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Periodic Contributor

Disenroll from Medicare Part B (due to Income Related Premiums)

I am a retired federal employee, and my wife is on my FEHB health benefits plan.  I was advised decades ago that for "most" federal retirees, Medicare Part B made sense, because it caused many of the copays and coinsurance premiums to be waived.  My wife turned 65 and we started her Part B coverage about 2 years ago.  At the same time, we have also been working on converting all of our IRAs to Roth IRAs, so ALL of the converted money is treated as income (even though not one dime of it has come to us, since we did 100% conversion and paid the taxes out of our savings).  The problem is that Medicare thinks we have all this money, and we are now paying at the highest levels for the Medicare Part B income related monthly adjustment.  We are converting just enough each year to stay in the 24% tax bracket, so we will have this "phantom income" for at least 3 more years - by which time I will turn 65 as well, and now our Part B premiums will double.  We'll be paying about $1000 per month for Part B at that time.  This won't go on forever - the IRAs will be converted in 3 years, but then each time I withdraw from my portfolio of investments, I will have some amount of long term capital gains, and that will most definitely also cause our premiums to increase.  Apparently, we are not "most" federal employees, so now we need to reconsider.

 

We are seriously considering cancelling our Part B and Medicare Advantage plan (offered through the health insurance company that has our FEHB coverage).  I know that cancelling Part B incurs a 10% penalty per year, and that it would impact me as well if I never sign up, but my FEHB plan covers everything I need (at present time) at about 1/3 the cost of $1000/month.  My main hesitation to cancel is that if Congress changes the FEHB program, changes Medicare program, or goes to some sort of healthcare for all system, I could be screwed by some future decisions that I cannot predict.  That said, $1000 per month is a hefty price to pay for a gamble on what Congress might do in the future.

 

I've seen other threads that talk about canceling Medicare Part B, but they all reference going back to work - and that is not in the cards for us.  I've also seen answers to the disenrollment question that suggest Part B is better than the FEHB program, but I disagree - my FEHB coverage covers me when I travel, not just in the USA (Medicare does nothing in Canada, Mexico, or other countries, from what I've heard).  So relying on Medicare vs. FEHB just doesn't pencil out for us.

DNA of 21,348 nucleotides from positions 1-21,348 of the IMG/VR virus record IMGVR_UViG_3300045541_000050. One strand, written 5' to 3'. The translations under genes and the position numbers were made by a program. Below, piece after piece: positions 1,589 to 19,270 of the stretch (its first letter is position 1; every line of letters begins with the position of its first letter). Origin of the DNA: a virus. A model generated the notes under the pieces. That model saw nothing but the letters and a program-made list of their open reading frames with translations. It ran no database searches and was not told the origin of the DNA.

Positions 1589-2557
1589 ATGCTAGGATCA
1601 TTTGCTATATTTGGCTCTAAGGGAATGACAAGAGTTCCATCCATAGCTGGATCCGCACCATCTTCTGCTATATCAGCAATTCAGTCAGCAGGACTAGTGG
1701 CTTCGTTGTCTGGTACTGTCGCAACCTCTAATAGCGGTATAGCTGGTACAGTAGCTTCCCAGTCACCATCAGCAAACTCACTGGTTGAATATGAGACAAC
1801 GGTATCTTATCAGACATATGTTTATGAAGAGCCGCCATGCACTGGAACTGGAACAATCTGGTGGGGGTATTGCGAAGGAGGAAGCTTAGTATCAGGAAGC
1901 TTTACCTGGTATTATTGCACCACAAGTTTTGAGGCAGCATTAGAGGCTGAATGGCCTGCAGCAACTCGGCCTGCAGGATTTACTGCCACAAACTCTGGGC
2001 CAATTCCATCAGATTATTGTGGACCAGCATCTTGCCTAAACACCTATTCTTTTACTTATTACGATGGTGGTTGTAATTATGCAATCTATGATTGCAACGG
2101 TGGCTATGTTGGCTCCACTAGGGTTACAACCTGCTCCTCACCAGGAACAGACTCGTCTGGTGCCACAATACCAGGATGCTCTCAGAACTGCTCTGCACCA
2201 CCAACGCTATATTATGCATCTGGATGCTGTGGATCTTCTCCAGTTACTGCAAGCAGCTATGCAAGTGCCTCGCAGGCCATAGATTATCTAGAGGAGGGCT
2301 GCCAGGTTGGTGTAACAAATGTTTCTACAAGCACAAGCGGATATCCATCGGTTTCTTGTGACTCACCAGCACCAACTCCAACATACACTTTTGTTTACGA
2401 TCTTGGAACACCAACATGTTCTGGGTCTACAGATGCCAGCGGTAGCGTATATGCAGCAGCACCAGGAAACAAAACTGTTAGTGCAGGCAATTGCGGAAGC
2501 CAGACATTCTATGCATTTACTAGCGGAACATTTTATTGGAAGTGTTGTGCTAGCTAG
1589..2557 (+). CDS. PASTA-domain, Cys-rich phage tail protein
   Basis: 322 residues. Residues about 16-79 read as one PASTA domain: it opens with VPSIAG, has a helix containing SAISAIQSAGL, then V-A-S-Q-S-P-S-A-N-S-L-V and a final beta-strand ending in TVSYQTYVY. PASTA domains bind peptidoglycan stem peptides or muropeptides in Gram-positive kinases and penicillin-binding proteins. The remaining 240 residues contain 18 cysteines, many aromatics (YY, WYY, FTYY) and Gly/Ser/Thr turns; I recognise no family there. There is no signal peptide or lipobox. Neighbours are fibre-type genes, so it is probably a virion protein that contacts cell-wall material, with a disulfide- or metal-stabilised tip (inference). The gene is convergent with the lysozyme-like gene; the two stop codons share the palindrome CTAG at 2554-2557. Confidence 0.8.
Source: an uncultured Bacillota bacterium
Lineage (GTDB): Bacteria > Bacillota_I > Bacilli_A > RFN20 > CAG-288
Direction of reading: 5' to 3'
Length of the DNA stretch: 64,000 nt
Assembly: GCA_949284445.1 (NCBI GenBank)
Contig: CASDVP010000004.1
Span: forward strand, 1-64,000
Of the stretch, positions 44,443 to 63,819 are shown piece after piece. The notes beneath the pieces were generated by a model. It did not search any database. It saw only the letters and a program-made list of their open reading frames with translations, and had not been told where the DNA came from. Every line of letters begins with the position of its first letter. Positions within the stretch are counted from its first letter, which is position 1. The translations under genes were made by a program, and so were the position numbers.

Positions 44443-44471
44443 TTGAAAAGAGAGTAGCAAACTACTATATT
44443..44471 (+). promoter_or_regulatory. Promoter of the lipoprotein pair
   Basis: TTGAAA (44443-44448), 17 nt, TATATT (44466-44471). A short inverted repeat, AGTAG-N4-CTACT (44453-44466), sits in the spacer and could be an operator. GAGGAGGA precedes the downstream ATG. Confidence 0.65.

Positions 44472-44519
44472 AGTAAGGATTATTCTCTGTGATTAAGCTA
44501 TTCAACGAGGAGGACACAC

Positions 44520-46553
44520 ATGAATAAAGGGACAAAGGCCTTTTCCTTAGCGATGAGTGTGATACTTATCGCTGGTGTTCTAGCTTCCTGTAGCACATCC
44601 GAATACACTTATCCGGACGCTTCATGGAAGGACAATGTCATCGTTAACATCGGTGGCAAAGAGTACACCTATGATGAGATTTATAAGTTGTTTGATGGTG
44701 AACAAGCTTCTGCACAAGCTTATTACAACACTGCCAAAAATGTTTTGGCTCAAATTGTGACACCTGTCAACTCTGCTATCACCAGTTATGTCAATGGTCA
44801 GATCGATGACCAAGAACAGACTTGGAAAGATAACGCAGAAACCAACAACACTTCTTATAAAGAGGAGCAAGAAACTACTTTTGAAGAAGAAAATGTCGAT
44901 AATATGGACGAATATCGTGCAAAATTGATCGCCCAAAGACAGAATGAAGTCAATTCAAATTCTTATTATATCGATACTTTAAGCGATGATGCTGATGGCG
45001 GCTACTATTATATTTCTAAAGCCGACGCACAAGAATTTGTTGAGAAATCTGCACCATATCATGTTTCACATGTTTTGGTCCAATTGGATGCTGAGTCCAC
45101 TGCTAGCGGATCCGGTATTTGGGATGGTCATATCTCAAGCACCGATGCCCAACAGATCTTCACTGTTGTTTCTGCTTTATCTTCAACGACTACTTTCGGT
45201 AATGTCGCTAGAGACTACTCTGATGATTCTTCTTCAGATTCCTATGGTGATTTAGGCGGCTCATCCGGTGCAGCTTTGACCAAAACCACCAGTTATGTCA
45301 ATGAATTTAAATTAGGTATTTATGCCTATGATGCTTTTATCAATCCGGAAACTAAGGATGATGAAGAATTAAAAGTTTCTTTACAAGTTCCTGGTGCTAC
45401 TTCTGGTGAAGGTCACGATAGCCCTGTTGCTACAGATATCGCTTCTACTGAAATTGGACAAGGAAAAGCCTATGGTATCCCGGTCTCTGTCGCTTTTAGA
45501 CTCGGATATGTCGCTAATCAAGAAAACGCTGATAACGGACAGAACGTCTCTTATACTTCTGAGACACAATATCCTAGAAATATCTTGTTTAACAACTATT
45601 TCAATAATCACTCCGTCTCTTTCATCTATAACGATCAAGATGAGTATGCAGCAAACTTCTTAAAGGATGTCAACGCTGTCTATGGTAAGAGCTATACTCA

I'm looking for any thoughts or advice on this scenario.  I'm also looking for thoughts on when I can do this - can I do it at any time of year, or do I have to wait until some open season, and how does this timing impact the Medicare Advantage plan that is tied to both Medicare and my FEHB insurance?

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Honored Social Butterfly

You and your wife have a very complicated matter that involves money, taxes and premiums AND your health care coverage for the long term.  You need a CPA or Financial Advisor, one that understands Medicare! 

 

But I will offer some NON-professional suggestions for you and your wife to think about -  Before making any decision to drop your wife's Part B let's see if those IRMMA premiums can be modified based on your actual real income and not what you call "phantom income" from the IRA> ROTH conversion.  

 

The ownership of the IRA and the Medicare account (your wife), especially since she is currently age 65 (Medicare age) and you are not, is very important.  

There is NO "WE" in the actual ownership of a Medicare account and NO "WE" in the ownership of an IRA or ROTH account.  Each of you have different accounts.

 

Are you with me here on the above points? 

Break out the figures of the IRA>ROTH conversion on the tax year(s) forms involved as to who it actually belongs to - you (less than 65) or your wife (over 65).  This is probably TY 2019.  That is the one SSA is looking at for 2021 Medicare Part B  premiums.

 

1st is a simple solution and probably the easiest.  Has your wife tried this?

SSA.gov - Form SSA-44 - Medicare Income Related Monthly Adjustment Amount - Life Changing Event

Work Reduction reason = Retirement for your wife

If you (or she) fills out the form include her IRS Form 8606 showing the amount of her ROTH conversion and the tax return showing her IRA distribution.  The figures should match.  If they don't because you both filed as MFJ, and you also did a conversion, you may need to show a complete breakdown especially since she is the only one that is currently 65 years old and currently paying the IRMMA.

 

If calling as the form states doesn't work because they are still working remotely (pandemic) try calling your Congress person's office and see if they can help with a better direct contact.  

 

Now if this works, I will assume you will be fine because SSA should modify the Part B premiums without the inclusion of the IRA>ROTH conversion(s) as a Life-Event (Work Reduction reason = Retirement for your wife)

 

If it does NOT work - depending upon the defined $$$ numbers and ownership - there maybe another solution - that is, refiling the subject tax return [probably 2019] from which the IRMMA is based from MFJ to MFS and each one of you file a separate return.  I believe you can go back (3) years.  More tax maybe assessed on one of you but that amount just needs to be brought into the evaluation of which way is best way to proceed on this whole matter of IRMMA.

 

This is only some possible solutions to the AMOUNT of the IRMMA - by SSA modifying it on a Life Event basis or by refiling the tax return that has created this IRMMA premiums.

 

If neither of these work - let's us know and maybe we can help to figure out if cancelling Part B might be a good option although having both FEHB (retirement) and Medicare is superior coverage.  

 

 

 

 

 

 

 

It's Always Something . . . . Roseanna Roseannadanna

View solution in original post

Bronze Conversationalist

@SteveO59 had you converted the IRA in one year you MIGHT have had IRMAA relief via an appeal.

https://www.ssa.gov/forms/ssa-44-ext.pdf

 

You may still want to give it a shot. All they can say is "no".

 

Cancelling Part B probably isn't the best option because you will be disenrolled from any Medicare Advantage plan. You must have A & B to participate in an Advantage plan.